Healthy living is not just about not eating junk food, but about eating food in its purest form as nature intended. Eating locally, eating organic, getting exercise are all part of the lifestyle that fight obesity. Ms. Roth needs to practice what she preaches so she can help people hear her message.

posted by KDL |  follow me on Twitter: newscaster

The Failure of Food Safety

Original post on Focus Organic

On June 3, Obama Foodorama reported yet another recall by an Oregon based firm of 30,000 lbs of beef that could be infected with E Coli which is in addition to the almost 300,000 lbs recalled last month.  The larger problem?  AG Secretary Tom Vilsak’s failure to name a new head of the Food Safety and Inspection Service (FSIS), the divison of the USDA that manages poultry, meat and eggs.   The USDA is infamous for appointing officials that are so close to the industry, they might as well register as lobbyists for Big Meat (but then, they couldn’t technically be qualified for the position) therefore turning this regulatory body of the US government into nothing more than a crappy label.  Sure, the USDA has been protecting the industry it is supposed to regulate for years as opposed to protecting consumer interest – but why are they having such a hard time naming a new head of FSIS?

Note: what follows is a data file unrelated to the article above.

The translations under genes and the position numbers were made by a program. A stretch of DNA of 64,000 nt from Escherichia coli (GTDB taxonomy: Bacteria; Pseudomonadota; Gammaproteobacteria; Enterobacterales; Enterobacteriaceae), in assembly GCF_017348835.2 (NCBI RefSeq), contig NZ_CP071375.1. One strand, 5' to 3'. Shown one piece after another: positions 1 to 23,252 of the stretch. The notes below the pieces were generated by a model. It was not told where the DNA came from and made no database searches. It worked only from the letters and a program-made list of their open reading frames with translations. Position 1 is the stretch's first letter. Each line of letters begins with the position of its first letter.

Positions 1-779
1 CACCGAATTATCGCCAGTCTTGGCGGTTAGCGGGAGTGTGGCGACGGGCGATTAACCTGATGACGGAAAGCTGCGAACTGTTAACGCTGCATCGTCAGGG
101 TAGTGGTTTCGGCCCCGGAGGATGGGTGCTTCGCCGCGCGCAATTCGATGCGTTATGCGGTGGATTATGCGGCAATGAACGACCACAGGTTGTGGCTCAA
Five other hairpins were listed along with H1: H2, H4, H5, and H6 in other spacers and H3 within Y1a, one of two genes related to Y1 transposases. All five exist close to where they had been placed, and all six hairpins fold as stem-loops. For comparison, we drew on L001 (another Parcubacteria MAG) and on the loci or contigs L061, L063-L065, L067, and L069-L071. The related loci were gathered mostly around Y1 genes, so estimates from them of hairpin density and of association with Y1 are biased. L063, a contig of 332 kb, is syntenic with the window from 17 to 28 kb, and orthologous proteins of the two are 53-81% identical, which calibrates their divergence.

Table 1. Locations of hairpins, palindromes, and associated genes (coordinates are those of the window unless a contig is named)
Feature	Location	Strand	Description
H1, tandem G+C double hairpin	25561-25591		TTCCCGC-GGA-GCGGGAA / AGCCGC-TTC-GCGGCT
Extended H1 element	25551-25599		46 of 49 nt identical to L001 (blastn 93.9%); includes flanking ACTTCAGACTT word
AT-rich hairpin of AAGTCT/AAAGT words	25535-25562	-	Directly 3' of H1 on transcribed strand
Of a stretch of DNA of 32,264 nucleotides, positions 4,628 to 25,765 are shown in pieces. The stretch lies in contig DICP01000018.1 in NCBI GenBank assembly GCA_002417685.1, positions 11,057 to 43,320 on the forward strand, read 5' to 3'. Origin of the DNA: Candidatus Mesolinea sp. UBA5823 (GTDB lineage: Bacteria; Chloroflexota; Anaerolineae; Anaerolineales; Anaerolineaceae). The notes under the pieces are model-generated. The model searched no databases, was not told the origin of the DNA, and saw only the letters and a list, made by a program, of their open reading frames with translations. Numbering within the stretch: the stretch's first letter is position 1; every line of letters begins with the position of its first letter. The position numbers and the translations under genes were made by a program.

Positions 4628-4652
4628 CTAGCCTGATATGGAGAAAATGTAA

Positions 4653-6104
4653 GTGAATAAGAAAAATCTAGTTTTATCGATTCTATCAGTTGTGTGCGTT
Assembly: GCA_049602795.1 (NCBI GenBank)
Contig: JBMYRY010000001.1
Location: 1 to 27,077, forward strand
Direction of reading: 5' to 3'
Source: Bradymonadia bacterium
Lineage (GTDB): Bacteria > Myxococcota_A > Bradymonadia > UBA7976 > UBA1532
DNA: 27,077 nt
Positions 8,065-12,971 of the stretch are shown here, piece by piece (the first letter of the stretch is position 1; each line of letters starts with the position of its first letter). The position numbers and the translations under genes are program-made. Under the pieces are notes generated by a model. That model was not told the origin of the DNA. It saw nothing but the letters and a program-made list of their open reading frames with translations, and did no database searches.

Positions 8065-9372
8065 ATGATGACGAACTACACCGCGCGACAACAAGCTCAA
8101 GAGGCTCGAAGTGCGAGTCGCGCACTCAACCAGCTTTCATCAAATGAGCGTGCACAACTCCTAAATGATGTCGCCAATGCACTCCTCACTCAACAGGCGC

It’s all in the politics.  As Tom Laskawy of Civil Eats puts it,

The three candidates mentioned for the post so far, Michael Osterholm, Michael Taylor (though it’s unclear if he was really up for the job) and Mike Doyle (so many Mikes!) are all champions of what Marion Nestle likes to call “late-stage techno-fixes.” Or, as Obamafoodorama puts it, “Zap the crap!” But even worse, they are extremely closely tied to the industries they are meant to regulate — each of the three has at some point performed work for a regulated company or an industry group.  As a result, they have all provoked strong responses from consumer and sustainable food advocates which appear to have successfully punctured every trial balloon Vilsack has floated.